Lighting controls can reduce lighting usage significantly – usually between 30% and 80% depending on the usage profile and the nature of the control system.
With lighting accounting for around 20% of electricity use in the UK, the issue of lighting control, particularly in commercial buildings, forms a key part of the drive to reduce energy and carbon emissions.
Part L of the building regulations requires local control of the lighting, which offers the opportunity to create lighting control zones with appropriate controls for each type of zone, based on the ‘ownership’ of the workspace and the availability of natural light.
For example, a corridor which would be regarded as being ‘unowned’ in that it is not an individual employee’s workstation, with minimal daylight and low occupancy, would, under Part L potentially be fitted with presence detection and a manual on / timed-off capability.
We have rarely visited an open plan office in which every bank of desks is occupied; yet often we find that every light in the office is operational. Zoning the lighting would save significant energy. Furthermore, employees often prefer to retain an element of control over lighting in their individual work areas especially when there is access to natural light. In this situation, a zoned ‘request on’ ‘auto off’ absence control could be implemented, along with daylight sensors and the ability to dim lighting to comfortable levels for the zone.
Controls typically allow some or all of the following:
A good control system should combine utility with energy saving, whilst enhancing comfort and safety.
Standalone lighting controls allow ‘standalone’ control of the lighting within a space, typically a single room. Controls may include switches, occupancy sensors, photocells and time clocks (see below), which are typically hard-wired to control fixed groups of lights independently. Adjustment of these needs to be made manually at each device location.
In contrast a centralised lighting control system refers to an intelligent networked system of devices relating to lighting control. The system has user inputs, a processing unit with a programme to process the signals (typically centralised within a building) and a method of controlling the lighting fixtures based on the outputs of the programme. The control programme can usually be changed centrally. The application of local controls such as occupancy sensors can be varied according to time of day, time of year and other ‘input conditions’.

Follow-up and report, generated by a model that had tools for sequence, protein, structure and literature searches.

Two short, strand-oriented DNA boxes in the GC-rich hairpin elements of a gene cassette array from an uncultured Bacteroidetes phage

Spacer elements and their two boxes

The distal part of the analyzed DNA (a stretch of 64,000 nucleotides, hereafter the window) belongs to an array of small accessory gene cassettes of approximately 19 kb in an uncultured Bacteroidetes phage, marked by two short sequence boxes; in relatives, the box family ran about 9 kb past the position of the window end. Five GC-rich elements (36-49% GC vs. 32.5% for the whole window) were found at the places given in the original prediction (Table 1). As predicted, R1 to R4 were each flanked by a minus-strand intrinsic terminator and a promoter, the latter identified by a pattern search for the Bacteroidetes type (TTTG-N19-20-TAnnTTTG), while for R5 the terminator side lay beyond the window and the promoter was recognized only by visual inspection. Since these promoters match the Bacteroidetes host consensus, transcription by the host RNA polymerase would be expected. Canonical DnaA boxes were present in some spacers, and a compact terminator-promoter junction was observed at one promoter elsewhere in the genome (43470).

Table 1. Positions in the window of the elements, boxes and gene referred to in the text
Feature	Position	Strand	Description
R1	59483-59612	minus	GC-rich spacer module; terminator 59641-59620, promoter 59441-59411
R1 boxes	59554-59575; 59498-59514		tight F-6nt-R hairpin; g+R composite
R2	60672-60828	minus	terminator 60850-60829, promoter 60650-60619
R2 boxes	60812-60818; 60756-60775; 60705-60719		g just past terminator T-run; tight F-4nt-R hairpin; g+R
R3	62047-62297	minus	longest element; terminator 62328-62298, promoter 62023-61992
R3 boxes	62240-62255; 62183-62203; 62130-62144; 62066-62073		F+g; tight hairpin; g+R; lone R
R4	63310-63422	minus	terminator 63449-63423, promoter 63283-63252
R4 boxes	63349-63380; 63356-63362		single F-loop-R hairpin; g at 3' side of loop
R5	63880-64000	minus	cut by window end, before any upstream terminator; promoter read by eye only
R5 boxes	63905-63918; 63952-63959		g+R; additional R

User inputs may be made locally by switches, occupancy sensors, photocells, centrally at central processing units via software programmes, or remotely by smartphone / online app. The system may also accept signals from other building systems, such as fire alarms.
The system allows the building manager to have centralised control of all of the circuits in a building from a single user interface or ‘app’. The ability to control multiple light sources allows complex ‘scenes’ to be created across the building. An obvious scene is “All Off” in which every light in the building is turned off in response to one input. Or the offices on a single floor could be put into “evening mode”, or all lights in the building could be turned on at the start of the working day.
The system can cover lighting alone, or it can extend to some combination of lighting, security, windows, blinds, temperature controls, sound systems and other applications, and can also interface with the alarm system. The technology makes the building much easier to manage, and should also result in significant energy savings.
For more information see Centralised Lighting Control Systems.
In general with LED retro-fits, we install standalone lighting controls, with a set of controls per room. These are simple to retro-fit, requiring primarily localised wiring changes, and thus are very cost effective.
Typically we will install some combination of the following:
For more information see Standard Local Controls
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